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"America has two great dominant strands of political thought - conservatism, which, at its very best, draws lines that should not be crossed; and progressivism, which, at its very best, breaks down barriers that should never have been erected." -- Bill Clinton, Dedication of the Clinton Presidential Library, November 2004

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Thursday, May 27, 2004


did the Dean campaign sell their user data?

posted by Aziz P. at Thursday, May 27, 2004 permalink View blog reactions
I had registered for Deanlink during the campaign. My registration data, and friends' lists through the Dean Commons, did not stay there. . It seems that Deanlink's data has found it's way into this new site,, intact. If you registered for Deanlink, you are probably in plink's database as well.

This is really somewhat disturbing. What did the Dean campaign do with the contact information of people who donated through our site? What else did the campaign sell? How many privacy concerns does this raise?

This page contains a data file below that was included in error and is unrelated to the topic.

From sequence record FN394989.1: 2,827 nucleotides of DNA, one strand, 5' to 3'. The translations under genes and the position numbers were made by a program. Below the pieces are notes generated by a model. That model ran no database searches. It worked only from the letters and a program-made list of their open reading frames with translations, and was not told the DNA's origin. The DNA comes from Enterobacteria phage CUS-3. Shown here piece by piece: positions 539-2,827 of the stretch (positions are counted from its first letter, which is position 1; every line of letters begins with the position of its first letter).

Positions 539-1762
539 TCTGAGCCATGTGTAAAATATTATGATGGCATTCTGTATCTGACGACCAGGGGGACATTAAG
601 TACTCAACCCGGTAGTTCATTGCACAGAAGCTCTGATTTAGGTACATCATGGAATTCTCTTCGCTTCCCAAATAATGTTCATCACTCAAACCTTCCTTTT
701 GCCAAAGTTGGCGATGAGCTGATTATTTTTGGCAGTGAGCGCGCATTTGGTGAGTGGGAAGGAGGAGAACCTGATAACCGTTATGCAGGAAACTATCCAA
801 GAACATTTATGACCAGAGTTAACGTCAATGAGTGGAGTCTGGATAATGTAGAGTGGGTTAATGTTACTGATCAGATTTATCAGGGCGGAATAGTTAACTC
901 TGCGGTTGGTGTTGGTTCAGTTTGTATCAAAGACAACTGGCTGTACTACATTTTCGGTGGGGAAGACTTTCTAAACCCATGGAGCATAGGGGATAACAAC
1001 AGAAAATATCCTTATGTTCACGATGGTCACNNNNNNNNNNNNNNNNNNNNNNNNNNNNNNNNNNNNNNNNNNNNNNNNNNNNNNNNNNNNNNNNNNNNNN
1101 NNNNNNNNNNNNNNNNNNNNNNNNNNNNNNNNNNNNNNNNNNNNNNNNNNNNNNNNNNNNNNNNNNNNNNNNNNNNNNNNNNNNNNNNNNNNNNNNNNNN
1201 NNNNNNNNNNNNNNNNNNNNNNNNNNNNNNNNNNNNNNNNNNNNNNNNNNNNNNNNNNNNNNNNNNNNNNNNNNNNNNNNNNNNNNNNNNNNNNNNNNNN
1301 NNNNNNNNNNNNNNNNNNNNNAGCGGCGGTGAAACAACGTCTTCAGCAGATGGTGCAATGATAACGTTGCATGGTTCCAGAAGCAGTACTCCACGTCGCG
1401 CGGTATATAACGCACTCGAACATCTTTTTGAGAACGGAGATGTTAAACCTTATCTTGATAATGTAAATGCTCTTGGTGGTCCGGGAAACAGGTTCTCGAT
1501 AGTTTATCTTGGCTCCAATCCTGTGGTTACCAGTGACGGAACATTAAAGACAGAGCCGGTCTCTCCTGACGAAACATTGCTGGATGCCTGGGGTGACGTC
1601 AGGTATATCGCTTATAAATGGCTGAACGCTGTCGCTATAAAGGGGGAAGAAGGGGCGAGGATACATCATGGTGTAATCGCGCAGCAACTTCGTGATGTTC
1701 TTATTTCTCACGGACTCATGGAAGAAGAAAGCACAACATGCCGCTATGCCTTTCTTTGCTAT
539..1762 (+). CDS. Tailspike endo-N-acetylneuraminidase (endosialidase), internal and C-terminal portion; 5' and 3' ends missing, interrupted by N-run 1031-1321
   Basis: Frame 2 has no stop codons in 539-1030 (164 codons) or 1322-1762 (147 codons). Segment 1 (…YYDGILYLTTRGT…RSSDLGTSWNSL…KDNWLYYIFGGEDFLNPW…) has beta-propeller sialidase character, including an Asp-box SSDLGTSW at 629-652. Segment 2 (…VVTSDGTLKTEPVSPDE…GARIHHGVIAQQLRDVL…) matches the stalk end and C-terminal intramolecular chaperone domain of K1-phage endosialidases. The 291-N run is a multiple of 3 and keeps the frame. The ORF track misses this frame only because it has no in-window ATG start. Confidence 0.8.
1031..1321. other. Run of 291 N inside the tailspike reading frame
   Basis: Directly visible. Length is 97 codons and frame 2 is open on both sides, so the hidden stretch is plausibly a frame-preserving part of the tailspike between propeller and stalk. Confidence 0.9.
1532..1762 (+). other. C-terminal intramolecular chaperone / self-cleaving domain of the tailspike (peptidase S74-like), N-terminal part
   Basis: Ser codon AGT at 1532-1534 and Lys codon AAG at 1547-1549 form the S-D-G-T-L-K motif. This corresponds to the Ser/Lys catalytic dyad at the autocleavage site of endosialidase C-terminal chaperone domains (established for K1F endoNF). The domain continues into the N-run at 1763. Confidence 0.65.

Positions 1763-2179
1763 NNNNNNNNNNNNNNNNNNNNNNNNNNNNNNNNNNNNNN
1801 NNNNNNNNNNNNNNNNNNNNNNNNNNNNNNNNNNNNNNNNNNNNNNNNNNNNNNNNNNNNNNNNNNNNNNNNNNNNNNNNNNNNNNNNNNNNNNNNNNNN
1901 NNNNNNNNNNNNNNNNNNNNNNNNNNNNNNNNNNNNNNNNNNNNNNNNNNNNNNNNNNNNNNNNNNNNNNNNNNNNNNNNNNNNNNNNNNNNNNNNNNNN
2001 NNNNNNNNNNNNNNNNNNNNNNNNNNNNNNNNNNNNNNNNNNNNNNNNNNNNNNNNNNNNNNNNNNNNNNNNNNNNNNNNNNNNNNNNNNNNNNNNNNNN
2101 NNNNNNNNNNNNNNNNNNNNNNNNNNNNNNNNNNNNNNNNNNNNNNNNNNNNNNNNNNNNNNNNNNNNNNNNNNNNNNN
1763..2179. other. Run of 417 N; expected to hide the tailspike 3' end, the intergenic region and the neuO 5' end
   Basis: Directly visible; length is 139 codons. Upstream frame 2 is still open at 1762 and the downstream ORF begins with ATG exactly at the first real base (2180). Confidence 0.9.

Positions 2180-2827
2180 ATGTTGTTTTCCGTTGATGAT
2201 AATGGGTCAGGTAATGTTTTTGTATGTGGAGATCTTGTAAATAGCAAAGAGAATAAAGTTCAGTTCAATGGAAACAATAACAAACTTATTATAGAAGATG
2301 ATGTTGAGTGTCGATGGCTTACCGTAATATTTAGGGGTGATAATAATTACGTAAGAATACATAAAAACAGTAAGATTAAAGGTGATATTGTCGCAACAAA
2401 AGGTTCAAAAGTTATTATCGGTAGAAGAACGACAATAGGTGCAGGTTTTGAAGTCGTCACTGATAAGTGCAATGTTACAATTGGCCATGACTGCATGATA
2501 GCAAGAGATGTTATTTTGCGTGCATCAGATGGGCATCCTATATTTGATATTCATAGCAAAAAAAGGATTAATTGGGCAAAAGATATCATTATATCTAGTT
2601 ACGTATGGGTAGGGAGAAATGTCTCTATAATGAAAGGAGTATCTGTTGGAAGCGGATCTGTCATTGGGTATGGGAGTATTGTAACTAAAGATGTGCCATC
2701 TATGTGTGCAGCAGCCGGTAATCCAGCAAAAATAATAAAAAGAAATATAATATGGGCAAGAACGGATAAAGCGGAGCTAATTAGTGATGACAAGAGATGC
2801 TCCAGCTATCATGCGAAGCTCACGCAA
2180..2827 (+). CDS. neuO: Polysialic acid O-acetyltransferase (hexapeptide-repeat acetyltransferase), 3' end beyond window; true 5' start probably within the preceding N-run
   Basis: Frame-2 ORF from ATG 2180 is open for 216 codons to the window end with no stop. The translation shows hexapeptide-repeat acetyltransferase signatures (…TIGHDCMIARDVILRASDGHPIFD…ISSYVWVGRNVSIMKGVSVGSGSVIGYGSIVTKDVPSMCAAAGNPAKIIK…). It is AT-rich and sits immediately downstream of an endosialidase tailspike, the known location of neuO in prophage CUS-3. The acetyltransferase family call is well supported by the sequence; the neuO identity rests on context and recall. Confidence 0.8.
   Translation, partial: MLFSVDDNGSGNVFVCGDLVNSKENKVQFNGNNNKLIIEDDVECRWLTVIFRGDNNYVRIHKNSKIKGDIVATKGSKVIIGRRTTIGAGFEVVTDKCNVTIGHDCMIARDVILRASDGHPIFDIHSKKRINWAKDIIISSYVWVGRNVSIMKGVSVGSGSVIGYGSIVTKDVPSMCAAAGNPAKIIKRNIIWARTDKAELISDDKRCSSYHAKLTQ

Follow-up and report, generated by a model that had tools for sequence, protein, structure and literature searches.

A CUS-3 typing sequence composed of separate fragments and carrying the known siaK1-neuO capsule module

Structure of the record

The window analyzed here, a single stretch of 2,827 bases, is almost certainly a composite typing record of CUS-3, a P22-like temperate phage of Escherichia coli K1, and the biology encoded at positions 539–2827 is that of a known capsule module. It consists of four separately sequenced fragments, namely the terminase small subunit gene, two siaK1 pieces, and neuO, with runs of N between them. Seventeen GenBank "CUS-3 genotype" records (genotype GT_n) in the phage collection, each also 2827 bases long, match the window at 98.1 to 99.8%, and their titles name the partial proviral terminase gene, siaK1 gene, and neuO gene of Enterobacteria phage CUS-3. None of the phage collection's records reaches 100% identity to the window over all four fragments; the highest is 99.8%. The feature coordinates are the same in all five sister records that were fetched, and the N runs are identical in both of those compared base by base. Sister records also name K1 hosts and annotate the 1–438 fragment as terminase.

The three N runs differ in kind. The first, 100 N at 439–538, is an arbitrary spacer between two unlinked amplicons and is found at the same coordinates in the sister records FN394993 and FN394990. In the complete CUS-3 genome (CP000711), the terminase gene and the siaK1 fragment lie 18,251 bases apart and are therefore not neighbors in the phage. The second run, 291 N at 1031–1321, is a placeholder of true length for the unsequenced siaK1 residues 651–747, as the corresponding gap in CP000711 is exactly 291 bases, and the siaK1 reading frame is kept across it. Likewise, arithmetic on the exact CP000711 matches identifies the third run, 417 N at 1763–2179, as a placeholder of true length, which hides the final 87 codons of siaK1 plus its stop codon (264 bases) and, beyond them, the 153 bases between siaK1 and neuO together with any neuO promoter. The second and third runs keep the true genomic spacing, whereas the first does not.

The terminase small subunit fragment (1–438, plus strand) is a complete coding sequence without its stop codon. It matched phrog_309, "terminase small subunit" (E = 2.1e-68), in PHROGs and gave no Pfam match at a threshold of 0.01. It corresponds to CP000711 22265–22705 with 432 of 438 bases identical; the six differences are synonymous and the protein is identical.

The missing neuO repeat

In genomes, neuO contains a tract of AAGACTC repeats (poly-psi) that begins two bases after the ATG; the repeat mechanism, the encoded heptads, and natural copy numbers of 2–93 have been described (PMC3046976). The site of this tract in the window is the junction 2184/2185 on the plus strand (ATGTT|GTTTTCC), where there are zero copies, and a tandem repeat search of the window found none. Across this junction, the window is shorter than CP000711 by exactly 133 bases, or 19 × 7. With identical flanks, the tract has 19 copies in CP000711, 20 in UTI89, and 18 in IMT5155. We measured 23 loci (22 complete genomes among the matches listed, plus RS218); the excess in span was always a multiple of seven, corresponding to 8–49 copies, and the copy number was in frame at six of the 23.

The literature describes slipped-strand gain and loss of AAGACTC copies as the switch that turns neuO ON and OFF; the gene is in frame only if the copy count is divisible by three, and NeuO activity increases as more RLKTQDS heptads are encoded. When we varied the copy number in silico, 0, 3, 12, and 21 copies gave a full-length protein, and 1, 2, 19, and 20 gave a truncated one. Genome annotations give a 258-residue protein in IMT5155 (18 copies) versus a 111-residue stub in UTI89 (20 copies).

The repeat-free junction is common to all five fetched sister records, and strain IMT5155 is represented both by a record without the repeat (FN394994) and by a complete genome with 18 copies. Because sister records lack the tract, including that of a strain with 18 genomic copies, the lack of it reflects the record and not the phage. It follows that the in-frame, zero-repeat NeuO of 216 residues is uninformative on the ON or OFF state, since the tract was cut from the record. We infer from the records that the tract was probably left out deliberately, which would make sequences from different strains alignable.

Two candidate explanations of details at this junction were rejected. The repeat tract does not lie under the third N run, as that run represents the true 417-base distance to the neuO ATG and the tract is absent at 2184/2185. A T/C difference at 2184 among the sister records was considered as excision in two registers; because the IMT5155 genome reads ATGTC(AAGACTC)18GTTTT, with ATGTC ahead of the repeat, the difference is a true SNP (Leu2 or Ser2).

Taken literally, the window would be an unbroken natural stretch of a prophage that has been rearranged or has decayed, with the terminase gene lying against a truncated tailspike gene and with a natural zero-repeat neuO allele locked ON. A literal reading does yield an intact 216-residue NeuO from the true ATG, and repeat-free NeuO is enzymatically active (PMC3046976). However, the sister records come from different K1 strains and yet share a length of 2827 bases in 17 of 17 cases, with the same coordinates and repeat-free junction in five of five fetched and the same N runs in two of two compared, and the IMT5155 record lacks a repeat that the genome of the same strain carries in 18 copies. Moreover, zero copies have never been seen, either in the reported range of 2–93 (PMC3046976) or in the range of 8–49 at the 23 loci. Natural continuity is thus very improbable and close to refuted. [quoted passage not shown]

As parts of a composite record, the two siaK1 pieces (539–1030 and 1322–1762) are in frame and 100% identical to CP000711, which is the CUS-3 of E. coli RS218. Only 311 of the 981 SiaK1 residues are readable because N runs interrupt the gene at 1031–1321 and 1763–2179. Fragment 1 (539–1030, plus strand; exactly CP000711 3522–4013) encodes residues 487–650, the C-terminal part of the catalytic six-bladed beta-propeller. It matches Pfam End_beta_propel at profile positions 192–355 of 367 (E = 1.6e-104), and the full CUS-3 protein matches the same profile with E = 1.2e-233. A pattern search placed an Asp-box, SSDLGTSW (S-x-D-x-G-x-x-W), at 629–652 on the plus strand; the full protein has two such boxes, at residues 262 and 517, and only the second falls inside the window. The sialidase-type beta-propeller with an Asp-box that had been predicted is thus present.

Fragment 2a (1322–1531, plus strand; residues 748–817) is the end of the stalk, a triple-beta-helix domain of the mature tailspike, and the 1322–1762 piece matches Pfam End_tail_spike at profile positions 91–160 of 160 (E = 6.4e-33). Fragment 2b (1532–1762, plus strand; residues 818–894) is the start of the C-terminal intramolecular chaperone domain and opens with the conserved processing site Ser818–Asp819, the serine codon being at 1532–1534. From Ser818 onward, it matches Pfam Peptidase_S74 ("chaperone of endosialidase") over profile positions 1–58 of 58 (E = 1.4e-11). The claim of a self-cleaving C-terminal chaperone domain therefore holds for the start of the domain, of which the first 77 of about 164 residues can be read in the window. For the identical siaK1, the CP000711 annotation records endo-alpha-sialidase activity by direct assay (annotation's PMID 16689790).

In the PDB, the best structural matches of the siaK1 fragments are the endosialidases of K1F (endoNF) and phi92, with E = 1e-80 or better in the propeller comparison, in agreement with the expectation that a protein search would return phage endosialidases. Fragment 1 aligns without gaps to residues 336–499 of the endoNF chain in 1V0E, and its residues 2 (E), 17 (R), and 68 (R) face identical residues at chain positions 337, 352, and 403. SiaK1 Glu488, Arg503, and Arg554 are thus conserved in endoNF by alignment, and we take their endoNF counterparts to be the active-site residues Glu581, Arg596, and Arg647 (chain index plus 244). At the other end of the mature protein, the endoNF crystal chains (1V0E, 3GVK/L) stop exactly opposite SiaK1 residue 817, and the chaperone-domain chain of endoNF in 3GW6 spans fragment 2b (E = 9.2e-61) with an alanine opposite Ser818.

UPDATE: the campaign did not sell the data, thankflly. But there are still some proivacy issues here - check out this subsequent post for more details.


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About Nation-Building

Nation-Building was founded by Aziz Poonawalla in August 2002 under the name Dean Nation. Dean Nation was the very first weblog devoted to a presidential candidate, Howard Dean, and became the vanguard of the Dean netroot phenomenon, raising over $40,000 for the Dean campaign, pioneering the use of Meetup, and enjoying the attention of the campaign itself, with Joe Trippi a regular reader (and sometime commentor). Howard Dean himself even left a comment once. Dean Nation was a group weblog effort and counts among its alumni many of the progressive blogsphere's leading talent including Jerome Armstrong, Matthew Yglesias, and Ezra Klein. After the election in 2004, the blog refocused onto the theme of "purple politics", formally changing its name to Nation-Building in June 2006. The primary focus of the blog is on articulating purple-state policy at home and pragmatic liberal interventionism abroad.